Canaan Partners promotes Julie Grant to general partner

Julie Grant joined Canaan as an associate in 2013 and worked her way up the ranks to general partner. (Canaan Partners)

Julie Grant came to life sciences because she was hospitalized a lot as a child. 

“As a student, I really loved science and math and thought I wanted to be a physician,” Grant said. “I realized when I was in college and working inside my organic professor’s lab, who had started a biotech company, that there was actually a world out there that wasn’t the practice of medicine that could help people and was really into science.” 

After completing a degree in molecular biophysics and biochemistry, Grant landed in the oncology unit at Genentech, where she held multiple roles including marketing planning manager for the lung and pancreatic cancer drug Tarceva. After several years at the biotech, she transitioned into venture capital, snagging an MBA on the way. Now, Canaan Partners, the firm she joined as an associate in 2013, is promoting her to general partner. 

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Grant is the fourth woman to join Canaan’s ranks of general partners. She joins Maha Ibrahim, who focuses on technology investments, and Nina Kjellson and Wende Hutton, who both focus on healthcare. 

RELATED: 2017’s Fiercest Women in Life Sciences | Nina Kjellson—Canaan Partners 

“Julie … exemplifies the hunter-not-gatherer mindset that is essential to success in venture capital. Recent additions to Julie’s portfolio include three new pharmaceutical companies in which she played a direct role forming with academic luminaries or founding as the CEO,” Kjellson and Rich Boyle, another one of Canaan’s 11 general partners, wrote in a blog post Thursday. 

“We’re struck by the fact that Julie’s ascension to GP is one of the few such promotions for women within healthcare VC,” they wrote.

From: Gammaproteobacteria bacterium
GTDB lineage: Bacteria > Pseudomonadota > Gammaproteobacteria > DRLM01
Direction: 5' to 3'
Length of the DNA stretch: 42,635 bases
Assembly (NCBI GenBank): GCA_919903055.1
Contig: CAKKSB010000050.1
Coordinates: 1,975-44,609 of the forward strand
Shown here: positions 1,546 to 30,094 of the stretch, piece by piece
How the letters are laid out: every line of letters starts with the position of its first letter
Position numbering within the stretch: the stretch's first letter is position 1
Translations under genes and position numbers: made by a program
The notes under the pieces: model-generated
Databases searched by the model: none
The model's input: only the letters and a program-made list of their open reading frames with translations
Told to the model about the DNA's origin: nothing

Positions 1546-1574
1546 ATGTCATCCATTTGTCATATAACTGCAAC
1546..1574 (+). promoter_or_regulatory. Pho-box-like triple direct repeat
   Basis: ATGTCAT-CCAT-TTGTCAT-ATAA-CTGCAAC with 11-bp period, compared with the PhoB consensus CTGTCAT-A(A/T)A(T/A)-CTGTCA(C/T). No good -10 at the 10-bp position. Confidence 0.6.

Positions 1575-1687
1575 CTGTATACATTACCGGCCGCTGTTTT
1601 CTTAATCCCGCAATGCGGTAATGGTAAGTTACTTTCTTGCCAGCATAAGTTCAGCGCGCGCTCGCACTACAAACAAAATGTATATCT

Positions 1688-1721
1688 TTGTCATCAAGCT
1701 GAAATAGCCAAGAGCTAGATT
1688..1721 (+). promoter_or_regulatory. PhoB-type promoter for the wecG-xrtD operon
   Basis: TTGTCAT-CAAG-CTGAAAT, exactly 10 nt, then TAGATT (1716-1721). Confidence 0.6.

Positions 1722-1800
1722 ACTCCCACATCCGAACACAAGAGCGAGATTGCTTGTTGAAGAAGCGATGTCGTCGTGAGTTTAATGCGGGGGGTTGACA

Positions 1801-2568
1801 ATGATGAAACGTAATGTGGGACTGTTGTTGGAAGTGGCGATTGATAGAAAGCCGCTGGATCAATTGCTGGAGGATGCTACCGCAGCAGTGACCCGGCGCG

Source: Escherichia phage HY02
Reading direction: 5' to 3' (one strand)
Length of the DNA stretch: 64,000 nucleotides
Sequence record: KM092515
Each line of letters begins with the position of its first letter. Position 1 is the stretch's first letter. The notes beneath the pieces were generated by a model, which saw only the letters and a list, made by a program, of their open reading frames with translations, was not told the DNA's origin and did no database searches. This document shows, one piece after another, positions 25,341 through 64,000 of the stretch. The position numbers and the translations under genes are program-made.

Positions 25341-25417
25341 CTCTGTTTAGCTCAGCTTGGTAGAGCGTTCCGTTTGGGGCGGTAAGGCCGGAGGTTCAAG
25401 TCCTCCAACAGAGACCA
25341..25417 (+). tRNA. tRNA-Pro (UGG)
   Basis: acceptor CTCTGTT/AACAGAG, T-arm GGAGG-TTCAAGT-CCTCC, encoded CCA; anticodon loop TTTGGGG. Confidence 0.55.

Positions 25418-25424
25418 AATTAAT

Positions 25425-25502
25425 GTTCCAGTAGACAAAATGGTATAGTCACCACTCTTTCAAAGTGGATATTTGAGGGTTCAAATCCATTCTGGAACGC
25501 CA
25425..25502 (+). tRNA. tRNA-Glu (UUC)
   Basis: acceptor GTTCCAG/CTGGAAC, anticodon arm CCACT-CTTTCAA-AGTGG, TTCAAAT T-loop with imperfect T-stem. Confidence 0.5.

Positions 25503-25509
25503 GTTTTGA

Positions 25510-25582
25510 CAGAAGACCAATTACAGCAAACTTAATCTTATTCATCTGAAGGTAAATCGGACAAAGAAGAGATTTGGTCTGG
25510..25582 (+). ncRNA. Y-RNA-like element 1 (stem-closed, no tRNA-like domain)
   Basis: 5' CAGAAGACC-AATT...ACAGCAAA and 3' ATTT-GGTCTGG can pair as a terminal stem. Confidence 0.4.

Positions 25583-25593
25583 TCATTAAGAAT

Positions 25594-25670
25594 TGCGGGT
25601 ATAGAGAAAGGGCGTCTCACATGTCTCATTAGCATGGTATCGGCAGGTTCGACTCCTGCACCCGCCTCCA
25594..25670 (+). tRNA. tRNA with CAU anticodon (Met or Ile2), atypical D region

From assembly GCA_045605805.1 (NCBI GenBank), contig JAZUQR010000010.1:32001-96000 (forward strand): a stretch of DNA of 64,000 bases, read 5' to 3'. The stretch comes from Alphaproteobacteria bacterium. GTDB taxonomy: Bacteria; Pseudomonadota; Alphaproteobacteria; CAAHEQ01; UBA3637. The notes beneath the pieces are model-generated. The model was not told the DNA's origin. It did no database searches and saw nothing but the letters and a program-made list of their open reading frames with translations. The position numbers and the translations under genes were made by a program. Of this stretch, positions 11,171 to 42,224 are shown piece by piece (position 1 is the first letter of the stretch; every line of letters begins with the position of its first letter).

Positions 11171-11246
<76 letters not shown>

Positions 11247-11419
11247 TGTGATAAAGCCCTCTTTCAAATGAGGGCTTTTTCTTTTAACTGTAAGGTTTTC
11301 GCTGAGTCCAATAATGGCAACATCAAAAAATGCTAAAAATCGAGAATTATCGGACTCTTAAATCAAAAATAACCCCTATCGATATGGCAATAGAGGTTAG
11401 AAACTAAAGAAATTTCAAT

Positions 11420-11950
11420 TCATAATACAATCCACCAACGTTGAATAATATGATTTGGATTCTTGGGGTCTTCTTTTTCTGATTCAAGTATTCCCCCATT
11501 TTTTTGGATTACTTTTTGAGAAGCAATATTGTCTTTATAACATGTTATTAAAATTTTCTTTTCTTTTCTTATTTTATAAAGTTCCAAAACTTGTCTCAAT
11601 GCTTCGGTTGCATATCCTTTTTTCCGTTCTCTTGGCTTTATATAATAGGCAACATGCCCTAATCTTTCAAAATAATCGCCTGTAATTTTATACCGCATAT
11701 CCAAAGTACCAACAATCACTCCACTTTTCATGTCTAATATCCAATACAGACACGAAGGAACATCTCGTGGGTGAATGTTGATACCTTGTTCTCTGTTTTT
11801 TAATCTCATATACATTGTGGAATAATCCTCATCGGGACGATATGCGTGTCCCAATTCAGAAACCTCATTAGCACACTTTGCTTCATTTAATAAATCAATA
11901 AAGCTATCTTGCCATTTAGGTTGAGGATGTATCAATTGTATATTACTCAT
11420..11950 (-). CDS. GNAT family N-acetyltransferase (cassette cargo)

RELATED: Top women in biotech 2014 | Wende Hutton, Canaan Partners 

One of Grant’s three companies is Nocion Therapeutics, which is targeting nociceptors—the neurons that send pain or itch signals when they are inflamed—to treat conditions such as itch and cough. Five months after launching with science out of Harvard University and $27 million, Nocion became part of this year’s Fierce 15 class

The other two companies are in stealth mode. One is a targeted oncology company that she’s been running as its CEO for more than a year, and the other is a startup based on science from Stanford University. Grant has also invested in Cellular Research, which was snapped up by medtech player Becton Dickinson in 2015, and Protagonist Therapeutics, which pulled off a $90 million IPO in 2016. 

“I feel lucky that at this point in my career, I’ve worked on discovery-stage spinouts to multinational pharma companies … The biggest concentration of my career over the last 13 years has been in oncology,” she said. This piece is personal, too—Grant is the daughter of two parents who each have cancer. 

“For me, a chemical characteristic, interesting PK curve or new modality is meaningful when it changes the therapeutic outcome. Some people are driven by creativity, the novelty of science—I love that—but what I care most about is how that innovation impacts care,” she said. 

That said, Grant is also a builder at heart. 

“I really do love building. I like arts and crafts, I like habitat for humanity—the whole process of creating something from nothing. Venture in its earliest stages is a lot of that,” she said. “There’s a blank piece of paper and you need to get parts together in the right way to make something magical happen. I think there are people who are really driven by scaling and managing big companies. What really makes me tick is that blank piece of paper.”

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